In how many distinct ways can six islands be joined by bridges so that each island can be reached from every other island...

Problem solving is at the heart of the NRICH site. All the problems give learners opportunities to learn, develop or use mathematical concepts and skills. Read here for more information.

Arrange the numbers 1 to 16 into a 4 by 4 array. Choose a number. Cross out the numbers on the same row and column. Repeat this process. Add up you four numbers. Why do they always add up to 34?

Carry out cyclic permutations of nine digit numbers containing the digits from 1 to 9 (until you get back to the first number). Prove that whatever number you choose, they will add to the same total.

ABC is an equilateral triangle and P is a point in the interior of the triangle. We know that AP = 3cm and BP = 4cm. Prove that CP must be less than 10 cm.

Here are some examples of 'cons', and see if you can figure out where the trick is.

This shape comprises four semi-circles. What is the relationship between the area of the shaded region and the area of the circle on AB as diameter?

This article invites you to get familiar with a strategic game called "sprouts". The game is simple enough for younger children to understand, and has also provided experienced mathematicians with. . . .

Make an eight by eight square, the layout is the same as a chessboard. You can print out and use the square below. What is the area of the square? Divide the square in the way shown by the red dashed. . . .

Do you know how to find the area of a triangle? You can count the squares. What happens if we turn the triangle on end? Press the button and see. Try counting the number of units in the triangle now. . . .

Eight children enter the autumn cross-country race at school. How many possible ways could they come in at first, second and third places?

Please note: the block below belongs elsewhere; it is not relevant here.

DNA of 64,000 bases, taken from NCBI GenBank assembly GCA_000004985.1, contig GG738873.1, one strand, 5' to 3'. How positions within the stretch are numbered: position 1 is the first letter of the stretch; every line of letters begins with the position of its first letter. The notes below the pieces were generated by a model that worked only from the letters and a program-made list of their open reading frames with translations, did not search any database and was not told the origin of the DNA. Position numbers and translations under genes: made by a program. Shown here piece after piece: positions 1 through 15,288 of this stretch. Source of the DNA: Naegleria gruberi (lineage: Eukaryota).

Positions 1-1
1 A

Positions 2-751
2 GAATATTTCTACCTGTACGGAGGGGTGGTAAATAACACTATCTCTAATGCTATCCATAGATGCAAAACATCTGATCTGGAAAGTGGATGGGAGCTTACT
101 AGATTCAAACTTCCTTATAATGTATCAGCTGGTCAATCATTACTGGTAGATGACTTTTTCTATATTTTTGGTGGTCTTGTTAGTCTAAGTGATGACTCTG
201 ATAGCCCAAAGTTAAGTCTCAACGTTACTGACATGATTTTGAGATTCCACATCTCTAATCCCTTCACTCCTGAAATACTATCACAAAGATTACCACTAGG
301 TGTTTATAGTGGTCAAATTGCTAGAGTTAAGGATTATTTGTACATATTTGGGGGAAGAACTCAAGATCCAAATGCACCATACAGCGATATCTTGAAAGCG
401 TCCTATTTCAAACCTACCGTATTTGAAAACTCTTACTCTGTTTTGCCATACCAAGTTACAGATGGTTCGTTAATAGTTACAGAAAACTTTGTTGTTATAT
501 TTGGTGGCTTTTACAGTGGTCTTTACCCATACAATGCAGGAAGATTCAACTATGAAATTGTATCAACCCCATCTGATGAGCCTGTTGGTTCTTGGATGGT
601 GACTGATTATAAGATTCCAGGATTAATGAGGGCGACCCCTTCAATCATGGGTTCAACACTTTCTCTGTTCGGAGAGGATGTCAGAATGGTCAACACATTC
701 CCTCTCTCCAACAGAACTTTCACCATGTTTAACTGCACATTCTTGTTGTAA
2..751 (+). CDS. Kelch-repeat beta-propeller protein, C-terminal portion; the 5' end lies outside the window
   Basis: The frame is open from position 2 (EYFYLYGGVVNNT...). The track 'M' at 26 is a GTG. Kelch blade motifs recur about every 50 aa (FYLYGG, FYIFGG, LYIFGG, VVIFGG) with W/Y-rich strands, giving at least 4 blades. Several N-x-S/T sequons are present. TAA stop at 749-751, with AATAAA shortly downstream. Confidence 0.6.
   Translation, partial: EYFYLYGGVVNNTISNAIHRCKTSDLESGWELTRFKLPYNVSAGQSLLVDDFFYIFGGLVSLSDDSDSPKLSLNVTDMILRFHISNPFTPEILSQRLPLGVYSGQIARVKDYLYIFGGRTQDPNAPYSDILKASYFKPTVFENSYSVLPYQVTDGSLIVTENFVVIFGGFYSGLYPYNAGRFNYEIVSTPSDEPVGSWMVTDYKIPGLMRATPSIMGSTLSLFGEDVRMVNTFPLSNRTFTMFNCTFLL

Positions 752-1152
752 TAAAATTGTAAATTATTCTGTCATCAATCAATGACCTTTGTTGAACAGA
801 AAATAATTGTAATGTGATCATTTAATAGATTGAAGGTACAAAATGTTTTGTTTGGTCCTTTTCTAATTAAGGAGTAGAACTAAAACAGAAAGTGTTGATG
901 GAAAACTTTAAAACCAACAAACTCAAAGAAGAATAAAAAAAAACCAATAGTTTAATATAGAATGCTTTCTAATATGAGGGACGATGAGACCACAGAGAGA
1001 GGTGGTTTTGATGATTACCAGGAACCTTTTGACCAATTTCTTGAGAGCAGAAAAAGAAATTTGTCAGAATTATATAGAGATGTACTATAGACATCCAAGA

What happens to the perimeter of triangle ABC as the two smaller circles change size and roll around inside the bigger circle?

Start with any triangle T1 and its inscribed circle. Draw the triangle T2 which has its vertices at the points of contact between the triangle T1 and its incircle. Now keep repeating this. . . .

Caroline and James pick sets of five numbers. Charlie chooses three of them that add together to make a multiple of three. Can they stop him?

If you know the sizes of the angles marked with coloured dots in this diagram which angles can you find by calculation?

Learn about the link between logical arguments and electronic circuits. Investigate the logical connectives by making and testing your own circuits and fill in the blanks in truth tables to record. . . .

Show that if you add 1 to the product of four consecutive numbers the answer is ALWAYS a perfect square.

Take any prime number greater than 3 , square it and subtract one. Working on the building blocks will help you to explain what is special about your results.

Consider the equation 1/a + 1/b + 1/c = 1 where a, b and c are natural numbers and 0 < a < b < c. Prove that there is only one set of values which satisfy this equation.

Some puzzles requiring no knowledge of knot theory, just a careful inspection of the patterns. A glimpse of the classification of knots and a little about prime knots, crossing numbers and. . . .

In this third of five articles we prove that whatever whole number we start with for the Happy Number sequence we will always end up with some set of numbers being repeated over and over again.

This article extends the discussions in "Whole number dynamics I". Continuing the proof that, for all starting points, the Happy Number sequence goes into a loop or homes in on a fixed point.

Points A, B and C are the centres of three circles, each one of which touches the other two. Prove that the perimeter of the triangle ABC is equal to the diameter of the largest circle.

Find the area of the annulus in terms of the length of the chord which is tangent to the inner circle.